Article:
A depression inducing society?

Factors contributing to depression include chronic stress, isolation, lack of control, and a sense of inferiority. They also include depressed thinking habits such as all-or-nothing thinking, perfectionism, and disappointment insurance or cynicism. A depression-inducing society would be one in which these factors were widespread or even promoted.

Globalisation and global culture

IsolationModern global culture is heavily influenced by western individualism, and by powerful commercial forces promoting consumerist and materialist values. The emphasis is on individual satisfaction of ‘needs’ which are increasingly defined commercially through advertising. Some of the effects of this are:

Values of social responsibility, connection to others and community (eg. church, village and town life) are weakened. Where ‘independence’ is highly valued, appropriate reliance on others can become stigmatised as ‘dependence’. All this can leave individuals increasingly isolated and unsupported.

Lack of control

While cultural values of individual choice and responsibility are promoted, in reality individuals feel ‘smaller’ in a bigger world and less able to influence the major decisions affecting their environment. Governments concede control to multinational corporations, political parties homogenise and voter apathy and cynicism spreads.

Unrealistic comparisons

Media-saturation celebrates unattainable superstar lifestyles and airbrushed perfection, so that social comparisons are no longer local and realistic. Models whose body shapes are unattainable for the majority come to define ‘successful’ appearance. Even financially comfortable people compare themselves unfavourably when extreme wealth is attained by some and valued by most.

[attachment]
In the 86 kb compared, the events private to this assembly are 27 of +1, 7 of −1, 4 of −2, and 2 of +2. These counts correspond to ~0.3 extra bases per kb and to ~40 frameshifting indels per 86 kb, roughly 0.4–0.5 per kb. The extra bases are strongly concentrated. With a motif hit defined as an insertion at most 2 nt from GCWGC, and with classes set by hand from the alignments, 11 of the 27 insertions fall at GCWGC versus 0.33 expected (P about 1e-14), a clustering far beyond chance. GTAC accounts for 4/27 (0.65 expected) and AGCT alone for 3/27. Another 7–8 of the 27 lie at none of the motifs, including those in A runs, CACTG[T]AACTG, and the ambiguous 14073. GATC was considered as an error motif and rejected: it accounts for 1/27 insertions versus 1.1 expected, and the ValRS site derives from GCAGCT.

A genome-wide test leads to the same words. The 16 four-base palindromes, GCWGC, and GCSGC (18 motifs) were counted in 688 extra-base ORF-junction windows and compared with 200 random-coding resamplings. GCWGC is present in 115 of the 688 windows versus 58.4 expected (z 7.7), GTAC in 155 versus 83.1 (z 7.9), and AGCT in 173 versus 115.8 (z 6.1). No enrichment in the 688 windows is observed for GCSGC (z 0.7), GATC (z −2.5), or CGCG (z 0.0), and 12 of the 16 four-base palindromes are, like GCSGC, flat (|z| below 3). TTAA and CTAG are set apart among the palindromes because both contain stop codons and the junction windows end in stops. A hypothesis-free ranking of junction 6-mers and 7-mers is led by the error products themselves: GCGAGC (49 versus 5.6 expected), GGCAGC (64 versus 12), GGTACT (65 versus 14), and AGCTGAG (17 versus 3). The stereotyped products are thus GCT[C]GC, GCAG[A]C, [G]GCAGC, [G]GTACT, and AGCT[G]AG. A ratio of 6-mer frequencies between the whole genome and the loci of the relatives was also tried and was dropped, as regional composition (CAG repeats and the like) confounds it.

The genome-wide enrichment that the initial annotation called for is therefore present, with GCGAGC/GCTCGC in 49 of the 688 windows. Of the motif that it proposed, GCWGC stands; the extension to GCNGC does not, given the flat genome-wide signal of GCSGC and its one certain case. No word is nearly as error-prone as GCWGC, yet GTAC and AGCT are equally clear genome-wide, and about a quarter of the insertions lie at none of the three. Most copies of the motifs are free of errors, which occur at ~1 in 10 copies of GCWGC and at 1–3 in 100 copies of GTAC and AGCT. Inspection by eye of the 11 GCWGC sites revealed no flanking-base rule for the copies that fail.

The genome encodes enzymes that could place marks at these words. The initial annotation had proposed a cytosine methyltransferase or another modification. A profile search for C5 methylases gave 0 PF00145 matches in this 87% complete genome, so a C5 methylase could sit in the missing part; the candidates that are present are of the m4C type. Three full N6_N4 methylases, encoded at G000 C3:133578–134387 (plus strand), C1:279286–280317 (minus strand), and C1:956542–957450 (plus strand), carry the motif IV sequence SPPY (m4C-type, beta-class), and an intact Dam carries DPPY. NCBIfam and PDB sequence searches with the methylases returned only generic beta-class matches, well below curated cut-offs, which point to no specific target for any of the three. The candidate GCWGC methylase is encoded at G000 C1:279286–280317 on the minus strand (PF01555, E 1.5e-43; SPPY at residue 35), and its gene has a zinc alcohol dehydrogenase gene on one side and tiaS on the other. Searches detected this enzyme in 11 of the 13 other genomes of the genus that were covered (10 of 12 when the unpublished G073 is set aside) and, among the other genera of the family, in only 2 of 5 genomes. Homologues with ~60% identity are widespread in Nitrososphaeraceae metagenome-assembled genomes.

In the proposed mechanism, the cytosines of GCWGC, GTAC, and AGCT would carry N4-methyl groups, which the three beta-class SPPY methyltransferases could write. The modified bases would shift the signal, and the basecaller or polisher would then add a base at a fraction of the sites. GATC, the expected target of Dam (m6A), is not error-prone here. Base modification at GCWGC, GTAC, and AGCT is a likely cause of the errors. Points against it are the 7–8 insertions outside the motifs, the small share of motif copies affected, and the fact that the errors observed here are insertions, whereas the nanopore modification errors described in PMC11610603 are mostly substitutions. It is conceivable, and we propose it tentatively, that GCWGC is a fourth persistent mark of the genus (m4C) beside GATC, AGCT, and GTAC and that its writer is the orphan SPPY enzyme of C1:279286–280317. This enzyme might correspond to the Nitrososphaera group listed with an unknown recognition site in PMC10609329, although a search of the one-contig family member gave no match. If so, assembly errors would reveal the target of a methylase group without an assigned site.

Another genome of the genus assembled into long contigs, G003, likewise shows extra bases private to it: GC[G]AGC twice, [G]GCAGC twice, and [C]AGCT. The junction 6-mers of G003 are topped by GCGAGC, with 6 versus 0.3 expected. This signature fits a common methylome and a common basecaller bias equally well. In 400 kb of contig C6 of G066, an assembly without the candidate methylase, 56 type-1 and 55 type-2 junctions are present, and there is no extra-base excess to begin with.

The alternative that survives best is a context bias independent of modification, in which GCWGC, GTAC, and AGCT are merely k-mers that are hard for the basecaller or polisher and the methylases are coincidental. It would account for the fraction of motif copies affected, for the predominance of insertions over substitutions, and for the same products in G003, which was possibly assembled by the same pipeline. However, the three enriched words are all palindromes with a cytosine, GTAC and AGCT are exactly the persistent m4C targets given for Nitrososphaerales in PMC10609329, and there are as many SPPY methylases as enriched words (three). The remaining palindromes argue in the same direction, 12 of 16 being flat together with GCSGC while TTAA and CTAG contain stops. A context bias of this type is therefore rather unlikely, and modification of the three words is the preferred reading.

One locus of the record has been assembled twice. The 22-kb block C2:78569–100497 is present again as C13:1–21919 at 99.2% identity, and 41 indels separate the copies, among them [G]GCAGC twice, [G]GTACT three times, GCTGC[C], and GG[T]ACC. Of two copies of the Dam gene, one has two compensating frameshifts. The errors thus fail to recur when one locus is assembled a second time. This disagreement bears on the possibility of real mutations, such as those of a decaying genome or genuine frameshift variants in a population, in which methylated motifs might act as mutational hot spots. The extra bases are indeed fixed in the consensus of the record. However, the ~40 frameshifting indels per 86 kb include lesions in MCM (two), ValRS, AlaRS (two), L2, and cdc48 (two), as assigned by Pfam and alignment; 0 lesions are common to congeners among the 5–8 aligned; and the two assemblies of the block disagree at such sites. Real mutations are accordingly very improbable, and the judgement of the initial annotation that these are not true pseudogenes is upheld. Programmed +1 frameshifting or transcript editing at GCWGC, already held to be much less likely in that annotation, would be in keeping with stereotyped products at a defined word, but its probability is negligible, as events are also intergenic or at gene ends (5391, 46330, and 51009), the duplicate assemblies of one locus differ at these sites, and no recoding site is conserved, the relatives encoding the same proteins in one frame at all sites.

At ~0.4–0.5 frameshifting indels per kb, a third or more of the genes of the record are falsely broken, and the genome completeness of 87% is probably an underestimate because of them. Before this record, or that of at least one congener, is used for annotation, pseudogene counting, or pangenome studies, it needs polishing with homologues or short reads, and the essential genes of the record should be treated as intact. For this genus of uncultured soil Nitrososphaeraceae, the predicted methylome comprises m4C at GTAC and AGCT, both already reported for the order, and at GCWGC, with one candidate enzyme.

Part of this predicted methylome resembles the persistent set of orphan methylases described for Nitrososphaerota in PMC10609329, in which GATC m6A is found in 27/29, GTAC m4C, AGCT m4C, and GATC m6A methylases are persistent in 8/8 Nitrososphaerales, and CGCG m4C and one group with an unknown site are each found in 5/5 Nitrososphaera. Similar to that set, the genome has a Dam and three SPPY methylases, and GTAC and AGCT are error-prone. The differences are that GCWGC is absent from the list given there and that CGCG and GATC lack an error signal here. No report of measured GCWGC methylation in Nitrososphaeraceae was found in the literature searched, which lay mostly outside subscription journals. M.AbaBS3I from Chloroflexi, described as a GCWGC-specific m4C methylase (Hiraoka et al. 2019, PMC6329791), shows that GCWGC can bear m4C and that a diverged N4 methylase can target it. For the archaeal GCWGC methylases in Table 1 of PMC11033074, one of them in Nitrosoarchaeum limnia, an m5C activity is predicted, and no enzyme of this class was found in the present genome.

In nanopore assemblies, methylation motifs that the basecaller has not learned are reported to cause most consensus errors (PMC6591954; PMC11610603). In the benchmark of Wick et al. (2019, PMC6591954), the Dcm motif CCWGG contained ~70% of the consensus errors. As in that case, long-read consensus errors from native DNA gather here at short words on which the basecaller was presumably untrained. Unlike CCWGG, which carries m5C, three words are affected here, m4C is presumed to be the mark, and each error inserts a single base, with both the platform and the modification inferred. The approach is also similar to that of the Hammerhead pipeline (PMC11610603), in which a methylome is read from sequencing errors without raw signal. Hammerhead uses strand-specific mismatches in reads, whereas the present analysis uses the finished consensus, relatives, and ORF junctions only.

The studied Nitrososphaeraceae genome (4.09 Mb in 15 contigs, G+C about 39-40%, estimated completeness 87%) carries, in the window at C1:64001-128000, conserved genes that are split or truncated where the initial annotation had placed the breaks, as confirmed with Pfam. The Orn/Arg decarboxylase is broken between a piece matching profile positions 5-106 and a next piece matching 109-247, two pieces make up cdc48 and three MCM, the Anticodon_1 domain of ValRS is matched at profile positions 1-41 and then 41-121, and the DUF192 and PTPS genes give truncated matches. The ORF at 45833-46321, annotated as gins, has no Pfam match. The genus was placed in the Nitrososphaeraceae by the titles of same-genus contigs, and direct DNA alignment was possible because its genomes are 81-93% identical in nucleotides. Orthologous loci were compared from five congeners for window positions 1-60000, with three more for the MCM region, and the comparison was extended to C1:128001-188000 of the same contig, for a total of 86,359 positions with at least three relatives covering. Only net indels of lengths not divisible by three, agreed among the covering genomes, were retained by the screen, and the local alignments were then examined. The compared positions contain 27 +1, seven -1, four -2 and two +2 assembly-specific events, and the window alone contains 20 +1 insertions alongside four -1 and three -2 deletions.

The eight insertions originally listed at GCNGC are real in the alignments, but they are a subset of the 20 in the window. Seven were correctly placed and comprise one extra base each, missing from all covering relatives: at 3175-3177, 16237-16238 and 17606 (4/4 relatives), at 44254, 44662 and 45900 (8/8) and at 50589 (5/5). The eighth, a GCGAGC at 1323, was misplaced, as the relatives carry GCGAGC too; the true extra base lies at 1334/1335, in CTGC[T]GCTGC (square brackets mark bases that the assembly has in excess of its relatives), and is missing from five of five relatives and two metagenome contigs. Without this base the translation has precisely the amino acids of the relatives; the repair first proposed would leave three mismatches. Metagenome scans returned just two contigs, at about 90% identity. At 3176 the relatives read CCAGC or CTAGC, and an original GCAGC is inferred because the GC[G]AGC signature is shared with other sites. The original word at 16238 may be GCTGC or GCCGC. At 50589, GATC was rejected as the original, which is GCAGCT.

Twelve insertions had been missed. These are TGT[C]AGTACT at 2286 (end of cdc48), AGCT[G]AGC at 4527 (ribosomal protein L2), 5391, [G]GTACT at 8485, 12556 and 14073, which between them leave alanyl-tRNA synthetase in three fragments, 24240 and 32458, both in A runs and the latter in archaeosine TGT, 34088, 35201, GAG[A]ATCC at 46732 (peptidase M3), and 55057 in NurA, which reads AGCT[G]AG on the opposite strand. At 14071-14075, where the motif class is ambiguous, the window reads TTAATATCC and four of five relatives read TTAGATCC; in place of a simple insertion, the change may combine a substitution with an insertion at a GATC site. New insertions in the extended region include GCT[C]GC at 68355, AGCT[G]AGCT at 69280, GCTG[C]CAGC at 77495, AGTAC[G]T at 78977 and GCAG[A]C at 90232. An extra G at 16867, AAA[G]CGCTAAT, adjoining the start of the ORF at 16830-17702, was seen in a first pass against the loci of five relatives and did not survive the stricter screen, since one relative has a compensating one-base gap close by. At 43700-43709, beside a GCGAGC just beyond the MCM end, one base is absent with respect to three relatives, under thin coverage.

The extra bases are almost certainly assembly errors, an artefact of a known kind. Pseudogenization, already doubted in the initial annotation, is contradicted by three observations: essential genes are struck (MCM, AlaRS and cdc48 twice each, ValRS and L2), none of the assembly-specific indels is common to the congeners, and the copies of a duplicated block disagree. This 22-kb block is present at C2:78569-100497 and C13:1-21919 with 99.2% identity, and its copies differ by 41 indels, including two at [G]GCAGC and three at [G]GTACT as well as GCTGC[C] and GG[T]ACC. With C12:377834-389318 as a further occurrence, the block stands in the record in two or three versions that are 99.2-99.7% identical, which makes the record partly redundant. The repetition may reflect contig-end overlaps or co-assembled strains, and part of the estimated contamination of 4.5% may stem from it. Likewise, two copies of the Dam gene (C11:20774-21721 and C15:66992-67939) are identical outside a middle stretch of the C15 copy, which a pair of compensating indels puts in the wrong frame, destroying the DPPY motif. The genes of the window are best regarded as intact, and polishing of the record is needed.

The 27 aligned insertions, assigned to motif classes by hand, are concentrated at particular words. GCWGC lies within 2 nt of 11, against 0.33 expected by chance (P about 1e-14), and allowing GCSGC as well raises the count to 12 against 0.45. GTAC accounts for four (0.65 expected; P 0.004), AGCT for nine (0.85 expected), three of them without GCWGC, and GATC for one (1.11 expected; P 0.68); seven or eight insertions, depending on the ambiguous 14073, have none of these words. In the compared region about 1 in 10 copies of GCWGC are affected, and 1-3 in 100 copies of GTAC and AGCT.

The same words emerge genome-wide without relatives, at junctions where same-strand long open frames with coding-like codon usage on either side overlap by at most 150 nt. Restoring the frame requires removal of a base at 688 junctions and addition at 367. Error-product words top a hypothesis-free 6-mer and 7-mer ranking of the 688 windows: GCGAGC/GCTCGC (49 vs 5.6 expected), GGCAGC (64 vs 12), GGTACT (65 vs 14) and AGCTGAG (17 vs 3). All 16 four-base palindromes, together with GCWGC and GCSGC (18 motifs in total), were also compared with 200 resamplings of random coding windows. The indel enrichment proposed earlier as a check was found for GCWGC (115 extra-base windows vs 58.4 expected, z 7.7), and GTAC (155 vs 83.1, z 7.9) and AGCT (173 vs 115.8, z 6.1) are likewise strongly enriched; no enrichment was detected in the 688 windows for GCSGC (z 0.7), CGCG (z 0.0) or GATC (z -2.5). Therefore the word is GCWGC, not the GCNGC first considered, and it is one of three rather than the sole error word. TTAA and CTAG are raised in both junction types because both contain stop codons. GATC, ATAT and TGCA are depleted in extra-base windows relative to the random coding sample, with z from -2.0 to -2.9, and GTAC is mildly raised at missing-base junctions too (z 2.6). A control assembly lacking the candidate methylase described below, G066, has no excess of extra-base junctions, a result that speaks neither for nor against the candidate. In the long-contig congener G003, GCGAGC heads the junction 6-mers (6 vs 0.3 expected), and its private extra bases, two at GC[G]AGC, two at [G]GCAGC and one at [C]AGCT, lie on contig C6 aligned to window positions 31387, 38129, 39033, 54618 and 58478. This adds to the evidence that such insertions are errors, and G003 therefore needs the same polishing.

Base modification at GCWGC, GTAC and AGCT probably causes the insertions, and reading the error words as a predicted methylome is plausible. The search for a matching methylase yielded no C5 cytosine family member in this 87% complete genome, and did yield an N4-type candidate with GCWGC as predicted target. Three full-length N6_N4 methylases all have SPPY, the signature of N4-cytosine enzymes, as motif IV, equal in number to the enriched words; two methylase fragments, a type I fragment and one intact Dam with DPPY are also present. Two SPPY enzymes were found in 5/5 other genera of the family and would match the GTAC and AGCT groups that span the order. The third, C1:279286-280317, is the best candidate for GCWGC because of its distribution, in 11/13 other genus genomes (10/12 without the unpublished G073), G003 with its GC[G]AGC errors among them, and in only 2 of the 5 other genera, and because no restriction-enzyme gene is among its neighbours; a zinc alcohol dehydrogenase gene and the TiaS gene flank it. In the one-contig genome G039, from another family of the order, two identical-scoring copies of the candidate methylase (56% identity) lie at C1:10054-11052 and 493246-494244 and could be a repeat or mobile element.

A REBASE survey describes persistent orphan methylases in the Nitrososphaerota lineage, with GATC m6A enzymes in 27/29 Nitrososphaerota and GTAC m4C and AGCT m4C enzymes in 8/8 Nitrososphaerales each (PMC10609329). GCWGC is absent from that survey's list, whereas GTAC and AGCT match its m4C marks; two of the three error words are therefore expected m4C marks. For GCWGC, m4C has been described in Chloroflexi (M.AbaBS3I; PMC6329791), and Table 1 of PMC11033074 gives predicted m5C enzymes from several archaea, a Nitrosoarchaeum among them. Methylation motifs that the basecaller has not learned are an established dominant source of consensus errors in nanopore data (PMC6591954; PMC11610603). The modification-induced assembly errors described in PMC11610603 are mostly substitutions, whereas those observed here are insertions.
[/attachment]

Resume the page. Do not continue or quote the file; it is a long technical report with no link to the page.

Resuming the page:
Unrealistic advertising slogans like “be the best” propagate depressed thinking habits like perfectionism. Increasingly being simply ‘ordinary’ feels like ‘failure’.

All-or-nothing thinking

In an increasing ‘blame’ culture, complex systemic causes are ignored in favour of pinning blame and seeking compensation. Risk aversion rises and absolute safety and certainty are demanded, with increasingly over-simplistic or all-or-nothing thinking promoted in tabloid media.

Cynicism and meaninglessness

In a sea of commercial messages about what we want, we lose sight of what actually makes us happy, much of which cannot be bought. The meaning is drained from life as cynicism becomes ‘cool’ and hope ‘na├»ve’.

Chronic stress

All of these factors contribute to chronic stress in their own right. They also contribute to a climate in which seeking help is stigmatised. Cynicism and risk aversion make it difficult to invest hope in any sources of help. A double bind is set up whereby seeking help becomes a marker of “low status”, exacerbating a sense of inferiority. What does it say about a society’s values when people regularly conclude that suicide is preferable to seeking any form of support or help?

So what?

Of course, there are also many positive aspects to modern society. What is the point of highlighting how our society might contribute to depression in this way? You might think as an individual you can do nothing to change these social factors…

What you can do is critically evaluate the influence of these social factors on your own values and assumptions, deciding which are useful to you and which are not. You may also like to look more specifically at the social factors relevant to life as a student.

Next: Depression and the meaning of life


Depression sociology
Student stress & depression
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